the folks in Richmond have us citizens by the proverbial short hairs and they’re not inclined to let go.

  6. larryg Avatar

    you know the funny thing here? The Tea Party and the Agenda 21 folks are up in arms about “bad” govt… but nary a whimper from either of them on recall and referenda…

  7. truesoutherner Avatar

    To me the worst parts are as follows:
    1. The average wages earned at most jobs in Virginia do not at all match the cost of living. Thanks to government greed, without going to several years of college, you will most likely not earn a wage that will allow you to support yourself without government assistance. The reason I say that government greed has to do with it is because they make money off of taxing the schools, and honestly school is not something I’ve ever been very good at.
    2.The presumptuous, prejudgmental, and oftentimes audacious attitude exhibited by a lot of people I have come across here. They think that if you aren’t doing things their way according to their standards, then you are doing it wrong. They act like they know more than you do about everything, even if you have experience on the topic at hand and they don’t.
    3. If you don’t dress or act the way they do, they think there is something wrong with you. If you aren’t able to work as quickly on the job as they are, there’s something wrong with you.
    4. A conformist attitude. Originality and a personality that is not in line with the status quo , conformist mindset way of doing things is not highly respected here.Over here, people like to compartmentalize everyone, and most people arent friends with someone who is too different than them. Basically I live in a state where button up shirts, top 40 radio, and chain restaurants reign supreme, and people actually think that Papa Johns is the best pizza out there and that Plaza Azteca is the best Mexican food, just to give you an idea.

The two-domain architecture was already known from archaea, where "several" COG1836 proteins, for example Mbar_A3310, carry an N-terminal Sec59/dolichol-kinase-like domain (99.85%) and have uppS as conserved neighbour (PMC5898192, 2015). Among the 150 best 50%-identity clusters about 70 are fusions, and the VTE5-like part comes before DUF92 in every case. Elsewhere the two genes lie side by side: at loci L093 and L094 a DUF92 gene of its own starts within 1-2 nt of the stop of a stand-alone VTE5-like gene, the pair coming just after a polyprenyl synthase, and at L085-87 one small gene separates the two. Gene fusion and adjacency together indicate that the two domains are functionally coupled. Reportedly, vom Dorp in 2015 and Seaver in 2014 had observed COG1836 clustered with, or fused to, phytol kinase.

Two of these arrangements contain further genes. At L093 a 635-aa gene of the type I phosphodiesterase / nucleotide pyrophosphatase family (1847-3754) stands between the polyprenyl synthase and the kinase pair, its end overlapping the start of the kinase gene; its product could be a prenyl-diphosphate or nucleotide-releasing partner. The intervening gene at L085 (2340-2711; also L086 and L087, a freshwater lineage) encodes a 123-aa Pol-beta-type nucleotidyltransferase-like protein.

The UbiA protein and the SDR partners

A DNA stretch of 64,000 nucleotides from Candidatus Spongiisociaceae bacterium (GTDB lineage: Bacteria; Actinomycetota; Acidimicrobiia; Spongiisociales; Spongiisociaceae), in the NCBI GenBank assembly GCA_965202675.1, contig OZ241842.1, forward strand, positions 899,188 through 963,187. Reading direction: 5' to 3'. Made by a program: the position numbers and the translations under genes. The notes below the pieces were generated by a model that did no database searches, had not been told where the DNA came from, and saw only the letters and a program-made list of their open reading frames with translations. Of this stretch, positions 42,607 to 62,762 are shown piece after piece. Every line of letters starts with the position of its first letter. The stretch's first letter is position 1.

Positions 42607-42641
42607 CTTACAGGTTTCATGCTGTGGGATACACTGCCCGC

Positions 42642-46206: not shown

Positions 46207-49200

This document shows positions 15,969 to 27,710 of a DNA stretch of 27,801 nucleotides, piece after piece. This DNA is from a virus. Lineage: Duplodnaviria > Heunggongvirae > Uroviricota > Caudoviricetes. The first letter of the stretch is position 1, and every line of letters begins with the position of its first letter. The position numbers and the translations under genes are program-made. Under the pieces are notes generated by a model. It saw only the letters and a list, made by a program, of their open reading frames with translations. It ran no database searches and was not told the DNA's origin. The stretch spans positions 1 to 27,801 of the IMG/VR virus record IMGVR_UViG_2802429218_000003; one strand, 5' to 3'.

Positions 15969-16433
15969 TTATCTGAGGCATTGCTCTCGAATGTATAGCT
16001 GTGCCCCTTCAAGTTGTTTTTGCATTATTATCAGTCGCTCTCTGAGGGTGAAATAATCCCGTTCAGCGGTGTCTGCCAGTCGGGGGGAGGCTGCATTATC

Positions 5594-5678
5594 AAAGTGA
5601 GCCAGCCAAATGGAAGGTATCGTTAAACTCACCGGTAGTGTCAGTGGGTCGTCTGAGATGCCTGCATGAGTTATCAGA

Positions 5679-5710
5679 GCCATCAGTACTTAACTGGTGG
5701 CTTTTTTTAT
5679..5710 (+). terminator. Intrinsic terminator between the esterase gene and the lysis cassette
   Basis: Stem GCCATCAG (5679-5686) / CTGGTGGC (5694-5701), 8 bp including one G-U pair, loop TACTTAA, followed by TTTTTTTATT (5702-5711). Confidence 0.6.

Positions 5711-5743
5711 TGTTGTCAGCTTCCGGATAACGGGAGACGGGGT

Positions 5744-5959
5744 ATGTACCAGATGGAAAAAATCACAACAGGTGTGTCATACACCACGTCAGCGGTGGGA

5. A very provincial attitude for the most part. They actually think that living in Virginia is just like living in any other state and don’t realize that people act differently in different regions. Ive actually had people tell me that living in Texas is just the same as living in Virginia, in spite of the fact that I lived in Texas almost 2 years and they have never lived off the east coast in their entire life.
    6. Virginia is an East Coast state. The East coast can be visually beautiful, but unless you’re well paid( $10 dollars an hour is considered good in southern va where I live, despite the fact that the average apt rent is $600/mo give or take plus water, lights and sanitation), enjoy being around rude,condescending know it all kinda people, you aint gonna like it here. Don’t get me wrong. There are nice people here, but I would not live here if I had it my way.
    7. There is a big time government presence, with D.C. just 3 hrs away and the fact that congress meets in D.C. It just adds to the surface “prim and proper” bullcrap that a lot of people like to portray here.